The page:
To sense the impact of Sputnik, consider this title: Scientific American Explorations: The Beep Heard Round The World October 6 1997 (DEAD LINK- gone premium) commemorating the 40th anniversary of the Sputnik I launch on 4 October 1957. Look back via PBS interviews with both Americans and former Soviets is at Online NewsHour Sputnik revisited -- October 2 1997. One of the greatest historical contests for national prestige and scientific progress in history was on, fully on!
Post-nuclear war government:
Atomic Secrets--This Letter Will Constitute Your Authority: The Eisenhower Ten
covers the February 2004 revelation that President Eisenhower conferred power to
reestablish American government after a nuclear attack upon nine persons, six of
them private citizens secretly recruited and given authority by Eisenhower
during the period after Sputnik was launched by the Soviets in October 1957.
See also The
Eisenhower Ten: Who's Who in the Eisenhower Ten. The parent site is
CONELRAD All Things Atomic The Golden
Age of Homeland Security, edited by Bill Geerhart.
CONELRAD learned about this from the Federation of Atomic Scientists, per Secrecy News 02-09-04 (FAS Project on Government Secrecy, Volume 2004, Issue No. 15, February 9, 2004). This practice came as a surprise to the Kennedy people in 1961 (Ten Private Citizens Were Given Authority Over Parts of Economy in the Event of National Emergency - letter Fred Dutton to McGeorge Bundy).
U2 Incident: A sad and disheartening late Eisenhower period
fiasco, primary documents on this are available at
Incident documents in the Eisenhower Library.
Primary documents are now available at The
Avalon Project: The U-2 Incident 1960 and at FAS
Intelligence Resource Program,
IMINT - U-2 Documents.
This aircraft, indispensable to the U.S. for years in aerial surveillance of
missile emplacements by other countries, is described at
Lockheed U-2 - Wikipedia.
Its justified fame is associated with the Cuban missile crisis (below, under
John F. Kennedy).
Civil Rights: The 1950s were a tremendously important era for this, but relatively little direct or indirect action was taken by the Eisenhower Administration. The one major exception was the 1957 intervention in Little Rock, Arkansas with stationing of federal forces to uphold the lawful desegregation of Central High School. See the Eisenhower Library's Little Rock Crisis for primary documents in .PDF format; also see Little Rock Central High 40th Anniversary - The 1957-58 School Year for a detailed timeline.
Civil Rights, 1954-1963 has “The Civil Rights Movement, 1954-1963” from Professor Dennis Simon of SMU, has text and photographs starting with the landmark Brown v. Board Supreme Court decision of May 1954.
Interstate Highway System: There was no New Deal or Fair
Deal with the first Republican modern president. Instead there were modest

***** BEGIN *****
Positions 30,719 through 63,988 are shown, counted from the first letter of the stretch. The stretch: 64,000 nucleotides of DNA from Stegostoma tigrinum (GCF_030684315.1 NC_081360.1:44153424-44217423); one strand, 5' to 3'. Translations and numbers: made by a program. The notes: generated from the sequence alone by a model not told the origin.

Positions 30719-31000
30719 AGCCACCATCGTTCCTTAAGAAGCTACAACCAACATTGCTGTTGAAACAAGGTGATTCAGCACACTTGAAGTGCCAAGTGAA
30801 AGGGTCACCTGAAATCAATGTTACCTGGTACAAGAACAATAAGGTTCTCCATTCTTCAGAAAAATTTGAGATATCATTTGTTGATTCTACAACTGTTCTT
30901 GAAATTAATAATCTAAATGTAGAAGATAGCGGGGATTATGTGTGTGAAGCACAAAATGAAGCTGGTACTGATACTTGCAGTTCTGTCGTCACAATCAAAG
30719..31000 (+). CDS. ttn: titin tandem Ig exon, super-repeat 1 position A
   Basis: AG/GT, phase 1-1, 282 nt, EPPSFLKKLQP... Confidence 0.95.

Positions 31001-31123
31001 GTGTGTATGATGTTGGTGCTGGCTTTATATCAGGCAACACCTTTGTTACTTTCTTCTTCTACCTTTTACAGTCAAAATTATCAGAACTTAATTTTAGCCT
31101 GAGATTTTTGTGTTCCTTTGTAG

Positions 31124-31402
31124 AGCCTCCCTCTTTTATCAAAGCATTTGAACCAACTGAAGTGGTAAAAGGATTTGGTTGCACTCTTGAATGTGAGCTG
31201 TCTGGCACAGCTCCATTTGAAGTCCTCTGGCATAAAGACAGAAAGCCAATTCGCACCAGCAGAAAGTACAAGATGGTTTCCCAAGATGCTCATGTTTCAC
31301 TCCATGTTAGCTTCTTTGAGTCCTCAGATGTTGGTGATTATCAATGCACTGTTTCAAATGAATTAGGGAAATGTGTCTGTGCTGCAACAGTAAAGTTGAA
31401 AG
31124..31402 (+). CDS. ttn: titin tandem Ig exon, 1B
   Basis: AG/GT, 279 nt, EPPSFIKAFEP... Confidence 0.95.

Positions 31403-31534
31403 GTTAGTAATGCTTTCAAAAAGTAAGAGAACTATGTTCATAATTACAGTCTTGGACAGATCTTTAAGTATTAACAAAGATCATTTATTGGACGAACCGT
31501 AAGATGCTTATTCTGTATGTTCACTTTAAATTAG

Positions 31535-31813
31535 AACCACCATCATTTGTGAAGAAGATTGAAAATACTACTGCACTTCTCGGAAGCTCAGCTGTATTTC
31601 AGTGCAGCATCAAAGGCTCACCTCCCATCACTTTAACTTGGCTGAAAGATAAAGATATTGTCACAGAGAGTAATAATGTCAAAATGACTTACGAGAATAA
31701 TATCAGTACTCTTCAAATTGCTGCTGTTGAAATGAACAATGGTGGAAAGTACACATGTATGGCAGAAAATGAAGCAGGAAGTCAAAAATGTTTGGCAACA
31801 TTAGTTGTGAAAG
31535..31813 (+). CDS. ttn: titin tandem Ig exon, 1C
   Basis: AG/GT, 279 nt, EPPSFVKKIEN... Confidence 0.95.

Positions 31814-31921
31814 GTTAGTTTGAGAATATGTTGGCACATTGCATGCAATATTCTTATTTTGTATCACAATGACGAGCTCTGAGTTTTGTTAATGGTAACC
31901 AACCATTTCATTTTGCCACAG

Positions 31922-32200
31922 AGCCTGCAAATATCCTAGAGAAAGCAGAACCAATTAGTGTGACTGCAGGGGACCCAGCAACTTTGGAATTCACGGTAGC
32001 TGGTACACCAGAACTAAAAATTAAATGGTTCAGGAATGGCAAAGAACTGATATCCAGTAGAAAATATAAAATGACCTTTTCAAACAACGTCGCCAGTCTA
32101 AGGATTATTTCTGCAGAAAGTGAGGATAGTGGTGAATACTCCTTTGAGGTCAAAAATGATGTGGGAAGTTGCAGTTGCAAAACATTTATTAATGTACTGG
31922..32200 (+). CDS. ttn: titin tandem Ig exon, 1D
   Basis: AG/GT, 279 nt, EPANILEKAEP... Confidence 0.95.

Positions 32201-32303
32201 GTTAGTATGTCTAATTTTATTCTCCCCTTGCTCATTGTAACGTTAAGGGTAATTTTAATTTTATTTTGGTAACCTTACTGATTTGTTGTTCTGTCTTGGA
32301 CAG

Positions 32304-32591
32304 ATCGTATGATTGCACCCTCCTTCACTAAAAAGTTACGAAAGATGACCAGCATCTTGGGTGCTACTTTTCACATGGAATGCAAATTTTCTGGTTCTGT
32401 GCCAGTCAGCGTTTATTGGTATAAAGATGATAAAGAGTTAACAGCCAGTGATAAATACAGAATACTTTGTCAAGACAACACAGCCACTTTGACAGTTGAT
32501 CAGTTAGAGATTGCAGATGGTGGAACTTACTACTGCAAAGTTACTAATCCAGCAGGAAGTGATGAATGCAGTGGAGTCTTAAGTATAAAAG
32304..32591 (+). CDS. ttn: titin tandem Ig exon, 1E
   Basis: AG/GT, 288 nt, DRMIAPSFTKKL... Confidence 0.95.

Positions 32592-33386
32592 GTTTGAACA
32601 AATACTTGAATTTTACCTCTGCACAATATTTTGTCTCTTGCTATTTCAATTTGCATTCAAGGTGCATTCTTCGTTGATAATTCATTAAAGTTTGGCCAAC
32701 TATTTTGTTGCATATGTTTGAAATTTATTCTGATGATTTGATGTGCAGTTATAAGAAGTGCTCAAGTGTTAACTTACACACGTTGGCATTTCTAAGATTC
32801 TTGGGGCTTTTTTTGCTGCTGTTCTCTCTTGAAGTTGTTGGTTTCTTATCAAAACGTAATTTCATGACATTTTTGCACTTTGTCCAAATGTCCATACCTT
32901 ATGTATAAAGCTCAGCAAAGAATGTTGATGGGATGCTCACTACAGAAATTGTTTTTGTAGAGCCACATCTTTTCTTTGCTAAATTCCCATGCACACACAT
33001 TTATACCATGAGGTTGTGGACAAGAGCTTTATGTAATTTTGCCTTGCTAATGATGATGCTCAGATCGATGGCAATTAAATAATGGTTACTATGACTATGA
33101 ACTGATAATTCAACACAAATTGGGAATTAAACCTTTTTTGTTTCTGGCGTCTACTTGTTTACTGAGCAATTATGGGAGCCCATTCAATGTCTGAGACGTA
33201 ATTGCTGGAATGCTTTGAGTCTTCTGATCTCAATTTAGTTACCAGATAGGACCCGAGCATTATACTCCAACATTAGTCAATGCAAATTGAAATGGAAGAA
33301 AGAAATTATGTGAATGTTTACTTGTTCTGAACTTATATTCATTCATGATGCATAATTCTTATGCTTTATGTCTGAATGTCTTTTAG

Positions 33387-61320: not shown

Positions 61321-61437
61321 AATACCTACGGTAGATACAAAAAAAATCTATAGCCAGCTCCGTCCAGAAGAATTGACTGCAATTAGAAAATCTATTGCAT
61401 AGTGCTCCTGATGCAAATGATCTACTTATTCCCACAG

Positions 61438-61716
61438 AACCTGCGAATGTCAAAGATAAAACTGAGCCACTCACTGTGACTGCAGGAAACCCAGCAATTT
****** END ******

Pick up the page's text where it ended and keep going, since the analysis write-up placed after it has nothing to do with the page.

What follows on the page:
extensions of established New Deal or Fair Deal-originated domestic programs
during Ike's tenure. The major initiatives in this period of comparative
prosperity (considering what preceded it) were in public works.
One of those public works enterprises stands far above all others. That is the U.S. interstate highway system. The Eisenhower Library Documents section has many of the primary Interstate Highway Documents. The system is even named the Eisenhower Interstate System (per Highway Development).
Elsewhere, see the Dept. of Transportation's Federal-Aid Highway Act of 1956: Creating the Interstate System by Richard F. Weingroff. This site is linked from the Eisenhower and the Cold War site--and indeed much of the public rationale for the interstate system came from Eisenhower's wartime experience and realization that in even of nuclear war, efficient American roads might (somehow) be essential to national survival. Amidst the Cold War, domestic policy was heavily filtered through its impact on that.
Our Documents - National Interstate and Defense Highways Act (1956) shows the original law of 1956 for creation of the current 50K miles of limited access U.S. freeways.
On background, including the role of President Roosevelt in the 1930s and 1940s, see DOT's National Highway System and also DOT Program Administration's Interstate Trivia on the "Dwight D. Eisenhower National System of Interstate and Defense Highways." Their Interstate Funding site shows the central importance of the Federal-Aid Highway Act of 1956 (Title I), the Highway Revenue Act of 1956 (Title II), and the Highway Trust Fund. Use those three search terms to find additional material on this topic.
Even broader historical coverage is at Casey Cooper's History of the US Highway System (with links elsewhere). A laudatory 1996 piece on the 40th anniversary of the Highway Act of 1956 is The US Interstate Highway System 40 Year Report from Wendell Cox & Jean Love.
St. Lawrence Seaway: Eisenhower's abiding interest in long-term transportation projects reflected his background as a military planner. Great Lakes St. Lawrence Seaway System - History had its seminal years in the Eisenhower period. The Eisenhower Library has primary St. Lawrence Seaway Documents in .PDF format.
Person of the Year: Time Magazine acknowledged its top world newsmaker as Eisenhower concluded his seventh year as President, in Dwight D. Eisenhower -1959. Perhaps more importantly, he'd won this recognition once before: Dwight D. Eisenhower - 1944.
Obituary of Dwight D. Eisenhower: Dwight Eisenhower's Obituary is on March 29, 1969.
Copyright@2004-2007, Russell D. Renka
Wednesday, 24 February 2010 09:59 AM -0600